Homedics Spa Heel Smoother

Hello all,

I am back again with a post which isn’t as heavy as last time.

If you dint read my last post you can read it here. It was all about Disability Hate Crime and what I have experienced recently. 
In time I will revisit this topic, as it a topic which people don’t aways think about when we talk about Hate Crime. 

Anyway, moving on to this weeks blog. One area of self care which people may tend to forget is our feet. We use them day to day and we can often forget about them. 


A few weeks ago I noticed a rough patch of skin on the back of my heel, then one appeared on my other foot. Yesterday I got out my Homedics Spa Heel Smother to get rid of the dead skin on my feet and make them nice and smooth.

There are a few pads in the box which you can swap between, one is like a normal file to break down chunks of hard skin. The other is like a small piece of rough textured paper, they’re called heel smother buffing discs. This is good for the slightly rougher areas of skin. You can buy these separately.

I decided to use the buffing discs. After struggling a little I managed to get the adhesive off the back and stick it down onto the circular top. This you then click onto the base of the Homedics Spa Heel Smother.

Sitting down I put one leg up and onto my other leg so I could see under my foot. Then I turned on the heel smoother. It has a click button you push side to side so it’s easy to tell which mode you have it on. I only use number two because it is a good speed. After about five minutes my heels were buffed and so were my big toes.

As someone who is Visually Impaired and Dsypraxic this little device is quite handy as all you have to do is hold the heel smoother and move it around. It is shaped like the bottom of pop bottle, rounded edges with grooves so you can hold it easier.

The only issue I have had with it is when I used the metallic piece to get off the harder skin on my big toe. I wasn’t sure how hard to press and for how long. This then lead me to cutting my toe because it had worn away at the hard skin too much.

This was a while ago and I put a plaster on it and limped around for a while. But at least the dead skin was gone.

Over all its something which is very handy to have because it wears down the skin easily enough and its easy to hold.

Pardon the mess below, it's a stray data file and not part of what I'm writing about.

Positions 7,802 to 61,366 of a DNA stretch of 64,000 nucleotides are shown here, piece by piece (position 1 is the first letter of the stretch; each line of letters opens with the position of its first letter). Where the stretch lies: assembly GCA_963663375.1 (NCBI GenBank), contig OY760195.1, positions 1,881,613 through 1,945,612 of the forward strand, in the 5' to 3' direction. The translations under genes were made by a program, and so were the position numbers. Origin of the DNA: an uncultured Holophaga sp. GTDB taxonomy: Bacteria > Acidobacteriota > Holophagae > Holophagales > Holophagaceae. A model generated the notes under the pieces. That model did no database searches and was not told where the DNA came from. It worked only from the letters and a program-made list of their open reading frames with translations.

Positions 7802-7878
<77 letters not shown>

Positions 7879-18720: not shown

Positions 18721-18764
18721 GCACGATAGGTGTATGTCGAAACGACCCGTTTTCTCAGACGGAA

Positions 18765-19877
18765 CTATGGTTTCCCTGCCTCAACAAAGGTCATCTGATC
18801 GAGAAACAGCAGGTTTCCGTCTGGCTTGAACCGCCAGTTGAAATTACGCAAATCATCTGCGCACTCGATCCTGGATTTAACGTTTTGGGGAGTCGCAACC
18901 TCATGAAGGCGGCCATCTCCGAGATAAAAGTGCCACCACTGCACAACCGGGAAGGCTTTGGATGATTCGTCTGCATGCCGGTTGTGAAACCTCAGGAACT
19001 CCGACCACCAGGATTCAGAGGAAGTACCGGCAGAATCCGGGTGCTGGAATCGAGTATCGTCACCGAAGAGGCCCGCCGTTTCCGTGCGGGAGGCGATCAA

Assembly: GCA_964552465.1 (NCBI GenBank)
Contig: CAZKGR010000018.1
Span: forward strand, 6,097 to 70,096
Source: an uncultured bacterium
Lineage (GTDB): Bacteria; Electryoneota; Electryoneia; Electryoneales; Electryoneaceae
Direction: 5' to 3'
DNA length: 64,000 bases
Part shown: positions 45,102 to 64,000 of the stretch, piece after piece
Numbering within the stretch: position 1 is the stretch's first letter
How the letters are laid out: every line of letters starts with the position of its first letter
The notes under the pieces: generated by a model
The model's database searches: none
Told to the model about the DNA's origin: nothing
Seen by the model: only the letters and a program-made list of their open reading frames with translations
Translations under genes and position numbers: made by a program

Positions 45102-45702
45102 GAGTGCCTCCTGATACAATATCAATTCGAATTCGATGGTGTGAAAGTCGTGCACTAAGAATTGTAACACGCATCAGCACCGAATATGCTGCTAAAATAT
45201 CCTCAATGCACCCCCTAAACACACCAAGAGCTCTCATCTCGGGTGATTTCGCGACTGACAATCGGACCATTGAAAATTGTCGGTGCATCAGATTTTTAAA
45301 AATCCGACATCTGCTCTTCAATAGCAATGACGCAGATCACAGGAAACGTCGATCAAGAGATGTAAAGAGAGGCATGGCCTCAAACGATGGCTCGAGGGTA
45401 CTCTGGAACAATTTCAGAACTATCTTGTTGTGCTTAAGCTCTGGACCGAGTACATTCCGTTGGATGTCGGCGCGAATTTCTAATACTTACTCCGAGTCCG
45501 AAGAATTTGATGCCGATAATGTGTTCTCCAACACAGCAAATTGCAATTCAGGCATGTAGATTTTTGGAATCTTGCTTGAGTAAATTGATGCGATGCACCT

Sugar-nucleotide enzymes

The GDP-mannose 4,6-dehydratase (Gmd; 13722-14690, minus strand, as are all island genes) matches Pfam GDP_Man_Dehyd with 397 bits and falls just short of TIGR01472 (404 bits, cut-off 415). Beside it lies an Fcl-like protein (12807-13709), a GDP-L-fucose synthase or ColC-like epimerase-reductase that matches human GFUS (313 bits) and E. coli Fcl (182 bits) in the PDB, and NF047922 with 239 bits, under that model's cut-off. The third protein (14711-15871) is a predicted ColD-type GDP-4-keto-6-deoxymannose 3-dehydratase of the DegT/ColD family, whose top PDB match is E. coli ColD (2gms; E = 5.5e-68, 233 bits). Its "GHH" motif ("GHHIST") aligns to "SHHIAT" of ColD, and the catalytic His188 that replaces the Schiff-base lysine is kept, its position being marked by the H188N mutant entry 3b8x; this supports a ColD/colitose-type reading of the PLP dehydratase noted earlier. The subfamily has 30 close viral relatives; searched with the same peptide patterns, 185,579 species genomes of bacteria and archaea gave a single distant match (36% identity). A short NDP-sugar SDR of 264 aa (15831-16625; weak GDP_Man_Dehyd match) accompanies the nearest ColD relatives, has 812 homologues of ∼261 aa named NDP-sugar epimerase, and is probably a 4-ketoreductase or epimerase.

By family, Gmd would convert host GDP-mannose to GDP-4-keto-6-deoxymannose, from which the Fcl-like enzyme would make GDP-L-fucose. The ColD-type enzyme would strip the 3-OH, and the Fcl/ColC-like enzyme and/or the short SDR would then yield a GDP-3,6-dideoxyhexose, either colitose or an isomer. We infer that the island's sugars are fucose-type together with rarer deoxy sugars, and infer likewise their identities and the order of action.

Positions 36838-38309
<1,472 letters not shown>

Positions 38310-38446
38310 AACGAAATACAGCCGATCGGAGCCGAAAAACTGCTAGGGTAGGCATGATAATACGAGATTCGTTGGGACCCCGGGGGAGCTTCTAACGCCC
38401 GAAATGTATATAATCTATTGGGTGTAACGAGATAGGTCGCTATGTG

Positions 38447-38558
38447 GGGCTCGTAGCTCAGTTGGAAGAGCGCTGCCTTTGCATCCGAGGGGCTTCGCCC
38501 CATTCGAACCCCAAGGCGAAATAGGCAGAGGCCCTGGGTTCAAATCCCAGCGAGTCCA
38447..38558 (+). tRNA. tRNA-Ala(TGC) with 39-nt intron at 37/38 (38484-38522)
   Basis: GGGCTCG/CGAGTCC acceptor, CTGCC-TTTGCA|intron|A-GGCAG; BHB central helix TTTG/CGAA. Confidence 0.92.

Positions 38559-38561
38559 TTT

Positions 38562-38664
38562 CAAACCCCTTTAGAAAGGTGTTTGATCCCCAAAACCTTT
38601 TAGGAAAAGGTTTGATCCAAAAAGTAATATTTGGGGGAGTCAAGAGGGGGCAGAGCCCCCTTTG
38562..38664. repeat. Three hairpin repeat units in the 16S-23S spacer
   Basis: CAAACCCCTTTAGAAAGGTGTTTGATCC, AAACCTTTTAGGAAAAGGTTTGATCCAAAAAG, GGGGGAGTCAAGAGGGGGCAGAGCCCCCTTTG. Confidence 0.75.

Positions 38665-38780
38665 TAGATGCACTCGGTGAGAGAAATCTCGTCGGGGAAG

Unfortunately the model I own seems to be no longer available. You can still buy newer models. Give it a go and let us know how you get on. 

I’m on Twitter.

Dyspraxia

Hello All, 

This week is Dyspraxia Awareness Week. When I started blogging, over ten years ago now, I started because I wanted to talk about Dyspraxia. Twitter allowed me to meet some people who were also Dyspraxic, which was brilliant. As time went on I started to blog more about Dyspraxia and Dyscalculia and then onto my visual impairment. 

For those of you who do not know Dyspraxia is a Developmental Co Ordination Disorder. It means I find movement and co ordination of movement very hard. I also find it difficult to co ordinate my thoughts so I can appear uncomfortable or not very confident. But I am. 

It took me until I was about nine years old to learn to ride a bike, I still struggle to tie my shoe laces. Buttons are a real difficulty. When shopping for clothes I have to make sure the buttons are doable. Doing everyday tasks when you have Dyspraxia is very hard. 

The best way I can describe it to you is this: imagine you’re just doing a normal thing, like making a list. 

Now say someone comes in and starts talking to you.

Then they start tapping you on the shoulder as well. 

Now someone else has come in and is also talking to you. 

They decide to start tapping away on the table. 

Then you get a phone call. 

Now one of those other two people has asked you to read them something. No reason. 

You have just remembered you are cold and want to put a jumper on so you start to do that. 

You’re on the phone, writing your list, trying to put your jumper on and those people are still talking and trying to get your attention while tapping away.  

It’s very hard to multitask. Being Dyspraxic is like multitasking all the time. You never get a break because everything takes so much effort and it is exhausting. 

Some things that can help those of us who are Dyspraxic are: 

Making a lists. 

Visual Reminders. 

Breaking information down into small chunks. 

Allow us extra time. 

When thinking about how you can help a person with Dyspraxia remember to be kind to them. Don’t over whelm them. When we get overwhelmed we become very stressed out. Help us to become better at organising our time. This can really make  difference to us. When we feel we are on top of things we are a lot more confident and can succeed. 

We may take a little longer at doing something, but thats OK because we have a very different mindset to everyone else. We are quite creative and you will see that is evident in our work. 

Don’t dismiss us because we appear to be all over the place. W jesuit struggle with organisation at times. But when we do get organised and sort out what needs doing and we plan. We are very efficient because we know what we’re doing when. 

Dyspraxia Awareness Week is every year 5-11th October. Celebrate our Differences and lets work to build a Dyspraxia Friendly World.